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Gov. Reynolds backs $2B tax cut with changes to income tax rates

The Iowa governor outlined her priorities for the 2022 legislative session during her annual Condition of the State address Tuesday evening.

DES MOINES, Iowa — Surrounded by fellow lawmakers, Iowa Gov. Kim Reynolds outlined her priorities for the 2022 legislative session during the Condition of the State address from inside the capitol Tuesday evening.

One of those priorities is a proposal that would cut taxes by nearly $2 billion by moving to a 4% flat income tax phased in over four years. It would also repeal all state taxes on retirement income beginning next year. 

The flat tax proposal is expected to reduce state revenue by $1.58 billion in tax year 2026 when it is fully implemented. The retirement tax relief is estimated to cost the state $400 million in revenue in 2023, the first year she proposes it to be effective.

The Republican governor also touched on the state's workforce crisis, claiming there are "many more job openings than Iowans on unemployment" during her speech. 

"Unemployment benefits serve an important purpose as a short-term safety net for Iowans who are unexpectedly out of work, through no fault of their own. But we can’t forget these are taxpayer funds, and we have to recognize that we’re living in a time of prolonged low unemployment," Reynolds said.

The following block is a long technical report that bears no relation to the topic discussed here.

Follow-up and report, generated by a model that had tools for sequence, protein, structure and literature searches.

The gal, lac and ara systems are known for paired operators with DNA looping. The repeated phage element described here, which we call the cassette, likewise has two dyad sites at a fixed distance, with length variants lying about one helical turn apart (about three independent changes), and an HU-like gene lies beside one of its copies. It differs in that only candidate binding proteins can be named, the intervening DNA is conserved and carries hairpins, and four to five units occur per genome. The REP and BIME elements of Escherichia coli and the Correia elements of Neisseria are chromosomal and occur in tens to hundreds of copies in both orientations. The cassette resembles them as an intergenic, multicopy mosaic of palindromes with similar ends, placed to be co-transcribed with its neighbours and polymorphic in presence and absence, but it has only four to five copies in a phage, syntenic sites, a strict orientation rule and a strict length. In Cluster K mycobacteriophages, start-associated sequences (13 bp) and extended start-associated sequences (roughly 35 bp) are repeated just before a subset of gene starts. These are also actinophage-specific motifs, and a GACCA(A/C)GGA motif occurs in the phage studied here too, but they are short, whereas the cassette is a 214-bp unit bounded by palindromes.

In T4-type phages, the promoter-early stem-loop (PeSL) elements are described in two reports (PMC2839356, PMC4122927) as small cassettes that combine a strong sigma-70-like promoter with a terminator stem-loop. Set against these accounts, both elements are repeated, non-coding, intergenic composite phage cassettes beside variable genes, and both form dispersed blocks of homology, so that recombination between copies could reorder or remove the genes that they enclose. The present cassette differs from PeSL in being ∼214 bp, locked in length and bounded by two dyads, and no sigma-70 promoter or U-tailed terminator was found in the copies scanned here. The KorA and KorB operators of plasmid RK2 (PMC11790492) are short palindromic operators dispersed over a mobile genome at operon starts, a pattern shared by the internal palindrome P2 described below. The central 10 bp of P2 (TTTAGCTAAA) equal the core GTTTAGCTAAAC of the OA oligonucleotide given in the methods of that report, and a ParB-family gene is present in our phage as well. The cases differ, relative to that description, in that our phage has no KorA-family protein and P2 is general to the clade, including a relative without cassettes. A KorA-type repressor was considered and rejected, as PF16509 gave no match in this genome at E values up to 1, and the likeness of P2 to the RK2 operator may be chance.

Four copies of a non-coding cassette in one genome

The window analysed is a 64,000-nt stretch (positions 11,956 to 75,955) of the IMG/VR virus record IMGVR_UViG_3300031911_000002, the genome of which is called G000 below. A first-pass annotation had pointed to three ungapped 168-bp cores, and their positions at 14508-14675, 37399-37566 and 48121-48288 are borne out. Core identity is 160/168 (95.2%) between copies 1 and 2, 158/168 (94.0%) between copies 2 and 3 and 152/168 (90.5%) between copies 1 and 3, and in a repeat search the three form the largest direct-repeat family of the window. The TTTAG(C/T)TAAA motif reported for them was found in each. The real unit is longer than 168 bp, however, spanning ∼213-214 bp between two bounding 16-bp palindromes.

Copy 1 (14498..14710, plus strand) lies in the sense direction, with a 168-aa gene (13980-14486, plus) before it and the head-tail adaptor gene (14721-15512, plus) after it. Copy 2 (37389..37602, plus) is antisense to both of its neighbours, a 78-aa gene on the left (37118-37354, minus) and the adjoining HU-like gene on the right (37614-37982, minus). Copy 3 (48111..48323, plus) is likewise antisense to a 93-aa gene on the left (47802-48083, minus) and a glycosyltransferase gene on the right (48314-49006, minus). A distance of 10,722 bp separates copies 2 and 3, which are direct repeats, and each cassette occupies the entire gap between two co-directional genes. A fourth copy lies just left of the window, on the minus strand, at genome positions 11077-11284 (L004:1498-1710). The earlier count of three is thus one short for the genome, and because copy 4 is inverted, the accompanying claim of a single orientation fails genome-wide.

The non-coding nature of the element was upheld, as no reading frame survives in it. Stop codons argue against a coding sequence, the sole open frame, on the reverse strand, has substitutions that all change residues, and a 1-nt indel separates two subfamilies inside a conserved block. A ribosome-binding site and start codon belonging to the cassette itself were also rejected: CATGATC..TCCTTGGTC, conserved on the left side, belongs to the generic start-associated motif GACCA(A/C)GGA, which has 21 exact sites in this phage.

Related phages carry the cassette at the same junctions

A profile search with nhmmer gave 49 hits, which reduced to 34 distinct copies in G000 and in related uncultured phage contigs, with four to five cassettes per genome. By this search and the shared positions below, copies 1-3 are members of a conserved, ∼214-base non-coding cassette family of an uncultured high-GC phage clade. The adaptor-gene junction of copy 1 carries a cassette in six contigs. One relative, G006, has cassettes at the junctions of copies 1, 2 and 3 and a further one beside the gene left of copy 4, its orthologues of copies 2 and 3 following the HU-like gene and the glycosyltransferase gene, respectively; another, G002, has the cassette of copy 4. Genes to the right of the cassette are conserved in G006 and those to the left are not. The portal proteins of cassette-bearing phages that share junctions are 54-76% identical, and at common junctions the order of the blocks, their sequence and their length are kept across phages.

Iowans currently have six months to collect unemployment benefits while they look for a new job.  

"Frankly, that's more time than necessary," the governor said. "I’ll be introducing a bill that lowers benefits to 16 weeks—about four months—and ensures that those collecting unemployment can’t turn down suitable jobs while living on taxpayer funds."

Lastly, Reynolds announced teachers, law enforcement officers and correctional officers in the state will receive $1,000 retainment bonuses for their hard work during the COVID-19 pandemic. 

The bonuses for teachers will be funded with federal Elementary and Secondary Emergency School Relief (ESSER) funds, according to Reynolds. The bonuses for officers will be funded through the American Rescue Plan Act (ARPA), which is also from the federal government. 

The Associated Press contributed to this reporting. 

Watch the full speech on YouTube

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